We will first glance briefly at the history of the rule and its nature.*fn8 In early times most perjury cases were tried in the Court of Star Chamber. That court, which followed the canon law, had absorbed much of the civil law in its procedure. In particular it had adopted the quantitative theory of evidence. This involved a counting of the oaths given in a judicial proceeding with victory going to the party with the greater number on his side. It was the intrinsic value of the oath rather than the credibility of the witness's testimony which was considered important. The Court of Star Chamber accordingly required two oaths against the defendant's one to sustain a charge of perjury. In 1640 when the Court of Star Chamber was abolished by statute jurisdiction over the crime of perjury was transferred to the common law courts and with it was transferred the two oaths rule. That the rule thus transferred was quantitative in its nature is indicated by the reasons which the common law courts gave for its acceptance in perjury cases but not in other criminal cases. In the Seventeenth Century when the transfer of jurisdiction took place defendants in criminal proceedings in the common law courts were not permitted to testify in their own defense. In a perjury case, however, the defendant's allegedly false oath was before the court and jury. The courts accordingly reasoned that the prosecution should be required to produce two oaths to contradict the defendant's one since otherwise there would be the legal stalemate of one oath against another. This, it will be noted, was a purely quantitative idea.
As originally taken over into the common law the rule, being quantitative in nature, required that the oaths of the two prosecution witnesses should both be directly adverse to the defendant's oath.*fn9 It is true that the rigor of the two oaths rule has long since been ameliorated by permitting evidence of corroborating circumstances to take the place of the second oath. But this modification came about in order to facilitate the conviction of perjurers. It was certainly not designed to provide them with additional opportunities to escape conviction. It would thus appear that the modification was not intended to change the fundamental nature of the rule to the extent of presenting a jury question where none had theretofore existed. Considered quantitatively the rule is purely one of law. The trial judge is in a position to determine whether the burden imposed by the rule upon the prosecution in this respect has been met. It it has been met he can submit the case to the jury. If the burden has not been met he can direct a verdict of not guilty.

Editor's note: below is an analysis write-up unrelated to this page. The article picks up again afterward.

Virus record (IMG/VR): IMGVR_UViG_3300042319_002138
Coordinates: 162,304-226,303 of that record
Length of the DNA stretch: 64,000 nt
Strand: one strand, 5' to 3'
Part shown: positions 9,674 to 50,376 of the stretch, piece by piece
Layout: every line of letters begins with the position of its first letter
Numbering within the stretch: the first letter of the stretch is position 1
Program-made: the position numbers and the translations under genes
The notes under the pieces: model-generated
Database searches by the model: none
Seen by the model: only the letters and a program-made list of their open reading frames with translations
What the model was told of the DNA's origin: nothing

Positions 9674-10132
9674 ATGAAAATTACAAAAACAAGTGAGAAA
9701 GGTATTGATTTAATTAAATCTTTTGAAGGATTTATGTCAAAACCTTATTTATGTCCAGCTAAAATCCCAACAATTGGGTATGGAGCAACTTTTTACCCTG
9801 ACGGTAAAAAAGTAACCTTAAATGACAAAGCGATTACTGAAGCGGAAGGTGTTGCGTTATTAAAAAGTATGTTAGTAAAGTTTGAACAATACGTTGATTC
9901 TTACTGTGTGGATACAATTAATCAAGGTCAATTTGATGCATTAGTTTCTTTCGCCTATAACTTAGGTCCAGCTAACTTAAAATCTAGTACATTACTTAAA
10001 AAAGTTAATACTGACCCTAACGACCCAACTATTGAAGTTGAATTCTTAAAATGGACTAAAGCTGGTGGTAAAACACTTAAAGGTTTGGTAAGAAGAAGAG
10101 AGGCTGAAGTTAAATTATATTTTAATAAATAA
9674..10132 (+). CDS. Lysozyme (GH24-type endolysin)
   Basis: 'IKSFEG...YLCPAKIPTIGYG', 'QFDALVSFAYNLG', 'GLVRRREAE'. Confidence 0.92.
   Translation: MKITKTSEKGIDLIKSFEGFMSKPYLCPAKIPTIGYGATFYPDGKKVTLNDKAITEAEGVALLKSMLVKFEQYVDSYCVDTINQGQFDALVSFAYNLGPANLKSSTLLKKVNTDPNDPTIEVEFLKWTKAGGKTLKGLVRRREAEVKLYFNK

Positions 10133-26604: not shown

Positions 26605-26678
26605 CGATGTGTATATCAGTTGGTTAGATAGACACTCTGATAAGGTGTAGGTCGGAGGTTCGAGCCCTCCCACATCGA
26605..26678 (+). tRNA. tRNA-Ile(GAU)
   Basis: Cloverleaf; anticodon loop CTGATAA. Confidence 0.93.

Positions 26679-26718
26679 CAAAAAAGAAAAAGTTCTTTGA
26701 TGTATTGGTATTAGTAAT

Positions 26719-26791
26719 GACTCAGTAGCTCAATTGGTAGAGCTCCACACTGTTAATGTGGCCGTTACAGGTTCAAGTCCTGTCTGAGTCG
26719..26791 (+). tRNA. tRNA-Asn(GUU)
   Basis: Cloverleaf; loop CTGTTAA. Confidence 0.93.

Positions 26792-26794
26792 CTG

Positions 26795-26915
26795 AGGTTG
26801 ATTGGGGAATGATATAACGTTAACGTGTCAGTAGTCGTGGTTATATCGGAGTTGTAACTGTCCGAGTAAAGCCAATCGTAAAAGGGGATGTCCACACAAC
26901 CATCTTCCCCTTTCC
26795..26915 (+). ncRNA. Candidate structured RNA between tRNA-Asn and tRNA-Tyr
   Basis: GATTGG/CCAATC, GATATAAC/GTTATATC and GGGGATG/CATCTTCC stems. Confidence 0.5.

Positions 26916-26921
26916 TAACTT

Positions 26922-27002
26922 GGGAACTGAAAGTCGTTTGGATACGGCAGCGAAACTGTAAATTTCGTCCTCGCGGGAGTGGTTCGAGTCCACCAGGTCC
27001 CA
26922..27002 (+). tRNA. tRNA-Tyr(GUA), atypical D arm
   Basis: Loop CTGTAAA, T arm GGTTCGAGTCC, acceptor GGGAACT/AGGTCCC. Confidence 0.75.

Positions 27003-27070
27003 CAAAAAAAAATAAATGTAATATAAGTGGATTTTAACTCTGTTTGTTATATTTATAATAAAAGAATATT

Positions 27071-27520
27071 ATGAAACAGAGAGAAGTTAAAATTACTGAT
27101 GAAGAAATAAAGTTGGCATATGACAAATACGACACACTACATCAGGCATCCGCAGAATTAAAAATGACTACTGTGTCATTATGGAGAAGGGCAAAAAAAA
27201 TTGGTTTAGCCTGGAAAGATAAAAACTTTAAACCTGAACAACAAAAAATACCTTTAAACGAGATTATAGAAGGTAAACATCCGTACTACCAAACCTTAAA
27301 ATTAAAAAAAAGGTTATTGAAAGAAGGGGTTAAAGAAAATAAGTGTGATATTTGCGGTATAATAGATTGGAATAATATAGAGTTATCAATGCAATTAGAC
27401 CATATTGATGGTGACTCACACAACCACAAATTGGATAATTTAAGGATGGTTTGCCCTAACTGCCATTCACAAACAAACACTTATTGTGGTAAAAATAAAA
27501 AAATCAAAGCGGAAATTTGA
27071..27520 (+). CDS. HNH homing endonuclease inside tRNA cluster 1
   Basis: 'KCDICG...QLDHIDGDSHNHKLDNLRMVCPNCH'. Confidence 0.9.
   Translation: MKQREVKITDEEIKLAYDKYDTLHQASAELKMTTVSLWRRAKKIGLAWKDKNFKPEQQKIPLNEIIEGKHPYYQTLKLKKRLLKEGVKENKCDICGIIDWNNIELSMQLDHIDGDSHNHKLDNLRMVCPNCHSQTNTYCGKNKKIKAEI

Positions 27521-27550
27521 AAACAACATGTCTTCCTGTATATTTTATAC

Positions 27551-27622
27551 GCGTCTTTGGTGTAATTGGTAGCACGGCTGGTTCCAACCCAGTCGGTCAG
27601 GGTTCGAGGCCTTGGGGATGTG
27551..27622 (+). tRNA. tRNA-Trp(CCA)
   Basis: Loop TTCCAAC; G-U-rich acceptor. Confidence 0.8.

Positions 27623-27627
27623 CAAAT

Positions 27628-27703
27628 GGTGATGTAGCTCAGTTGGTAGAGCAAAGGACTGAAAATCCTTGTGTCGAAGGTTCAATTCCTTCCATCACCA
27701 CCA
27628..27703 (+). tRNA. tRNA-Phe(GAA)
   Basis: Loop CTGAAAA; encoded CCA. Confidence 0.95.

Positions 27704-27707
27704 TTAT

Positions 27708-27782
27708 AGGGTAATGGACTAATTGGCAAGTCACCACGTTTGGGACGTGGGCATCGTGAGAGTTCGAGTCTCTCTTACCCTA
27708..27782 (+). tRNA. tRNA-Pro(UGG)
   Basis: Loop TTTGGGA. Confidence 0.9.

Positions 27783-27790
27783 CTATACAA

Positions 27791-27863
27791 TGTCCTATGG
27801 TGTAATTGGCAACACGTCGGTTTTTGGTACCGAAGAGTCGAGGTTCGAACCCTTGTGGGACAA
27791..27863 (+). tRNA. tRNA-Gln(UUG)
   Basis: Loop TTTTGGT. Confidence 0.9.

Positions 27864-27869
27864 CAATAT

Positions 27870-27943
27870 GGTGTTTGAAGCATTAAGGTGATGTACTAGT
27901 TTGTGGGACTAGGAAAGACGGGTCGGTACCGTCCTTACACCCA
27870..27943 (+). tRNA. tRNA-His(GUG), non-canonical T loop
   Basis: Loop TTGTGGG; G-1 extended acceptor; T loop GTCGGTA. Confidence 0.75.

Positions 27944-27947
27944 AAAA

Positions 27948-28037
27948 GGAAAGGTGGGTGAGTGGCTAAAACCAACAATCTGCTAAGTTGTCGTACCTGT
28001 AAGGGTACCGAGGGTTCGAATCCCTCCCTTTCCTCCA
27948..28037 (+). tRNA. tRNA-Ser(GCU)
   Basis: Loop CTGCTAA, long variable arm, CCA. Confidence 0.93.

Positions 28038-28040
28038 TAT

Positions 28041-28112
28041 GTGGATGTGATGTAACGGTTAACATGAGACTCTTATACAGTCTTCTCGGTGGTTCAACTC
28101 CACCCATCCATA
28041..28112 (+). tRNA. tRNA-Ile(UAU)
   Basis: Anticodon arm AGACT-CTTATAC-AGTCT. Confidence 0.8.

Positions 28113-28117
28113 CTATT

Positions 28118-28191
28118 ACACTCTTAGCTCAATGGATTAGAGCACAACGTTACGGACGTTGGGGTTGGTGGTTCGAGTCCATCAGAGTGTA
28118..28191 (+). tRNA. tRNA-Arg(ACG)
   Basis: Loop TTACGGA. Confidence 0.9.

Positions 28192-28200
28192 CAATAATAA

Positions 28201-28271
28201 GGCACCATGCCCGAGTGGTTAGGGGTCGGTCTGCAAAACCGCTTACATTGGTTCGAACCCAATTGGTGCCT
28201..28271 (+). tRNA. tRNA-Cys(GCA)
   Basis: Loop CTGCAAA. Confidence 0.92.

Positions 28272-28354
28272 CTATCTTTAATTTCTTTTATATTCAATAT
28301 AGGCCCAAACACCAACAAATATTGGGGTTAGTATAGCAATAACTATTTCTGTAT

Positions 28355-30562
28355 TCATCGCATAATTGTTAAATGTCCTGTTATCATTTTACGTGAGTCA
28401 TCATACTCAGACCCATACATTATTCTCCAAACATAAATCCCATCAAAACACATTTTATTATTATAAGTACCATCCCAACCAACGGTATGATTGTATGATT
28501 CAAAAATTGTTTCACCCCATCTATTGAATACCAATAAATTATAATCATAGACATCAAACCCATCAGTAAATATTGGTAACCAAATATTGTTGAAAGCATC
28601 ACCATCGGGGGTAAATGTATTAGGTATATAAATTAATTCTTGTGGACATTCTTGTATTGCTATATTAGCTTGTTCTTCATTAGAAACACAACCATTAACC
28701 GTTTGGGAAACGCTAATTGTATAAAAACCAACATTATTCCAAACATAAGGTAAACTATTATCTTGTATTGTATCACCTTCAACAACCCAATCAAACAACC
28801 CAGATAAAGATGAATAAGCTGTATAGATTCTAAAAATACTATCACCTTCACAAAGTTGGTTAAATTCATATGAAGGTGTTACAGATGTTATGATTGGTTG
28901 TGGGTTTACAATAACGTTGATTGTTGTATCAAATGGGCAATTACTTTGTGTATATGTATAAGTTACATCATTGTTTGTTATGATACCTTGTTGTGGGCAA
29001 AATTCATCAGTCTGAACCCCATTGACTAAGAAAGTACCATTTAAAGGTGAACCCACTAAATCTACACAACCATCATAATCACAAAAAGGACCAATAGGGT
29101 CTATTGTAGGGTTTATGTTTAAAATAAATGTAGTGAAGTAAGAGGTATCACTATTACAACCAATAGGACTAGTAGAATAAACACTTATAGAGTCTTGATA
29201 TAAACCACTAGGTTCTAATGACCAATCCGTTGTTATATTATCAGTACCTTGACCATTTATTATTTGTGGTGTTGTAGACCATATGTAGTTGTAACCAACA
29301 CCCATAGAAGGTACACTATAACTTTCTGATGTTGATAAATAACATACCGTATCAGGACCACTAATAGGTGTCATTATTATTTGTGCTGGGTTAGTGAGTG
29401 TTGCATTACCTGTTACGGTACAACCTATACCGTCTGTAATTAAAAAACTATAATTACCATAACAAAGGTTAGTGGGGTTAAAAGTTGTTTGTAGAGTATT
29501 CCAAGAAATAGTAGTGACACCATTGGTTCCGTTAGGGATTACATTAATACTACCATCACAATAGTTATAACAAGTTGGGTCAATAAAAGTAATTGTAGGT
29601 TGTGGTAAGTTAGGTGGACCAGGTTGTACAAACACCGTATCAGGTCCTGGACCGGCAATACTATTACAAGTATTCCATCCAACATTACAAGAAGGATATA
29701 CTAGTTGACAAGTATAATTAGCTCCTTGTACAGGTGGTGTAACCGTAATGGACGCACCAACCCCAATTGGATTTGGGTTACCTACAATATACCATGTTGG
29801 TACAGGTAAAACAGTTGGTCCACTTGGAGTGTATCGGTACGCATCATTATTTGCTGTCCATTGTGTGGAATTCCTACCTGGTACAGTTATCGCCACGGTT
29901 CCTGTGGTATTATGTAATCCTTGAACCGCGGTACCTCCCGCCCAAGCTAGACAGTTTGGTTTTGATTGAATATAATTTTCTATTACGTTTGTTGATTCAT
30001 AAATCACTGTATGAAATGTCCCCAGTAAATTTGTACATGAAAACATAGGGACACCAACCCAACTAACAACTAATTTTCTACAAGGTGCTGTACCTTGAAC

When we turn to a consideration of the rule in its practical operation we likewise reach the conclusion that it should be considered as purely quantitative in nature and as raising no question for the jury. Considered from the standpoint of the jury's task the interjection of the rule into their deliberations would impede rather than aid them in reaching a right decision upon the sole issue with which they are concerned, the guilt or innocence of the defendant. For it such an instruction is to mean anything it must mean that the members of the jury must make an independent decision as to the credibility of each government witness before they determine the guilt of the accused and, if they find themselves unable to credit the corroborating witness whom the Government has offered, they must acquit the defendant even though they may be so well satisfied of the credibility of the principal government witness as to the convinced beyond doubt of the defendant's guilt. Anyone who has had practical experience in ...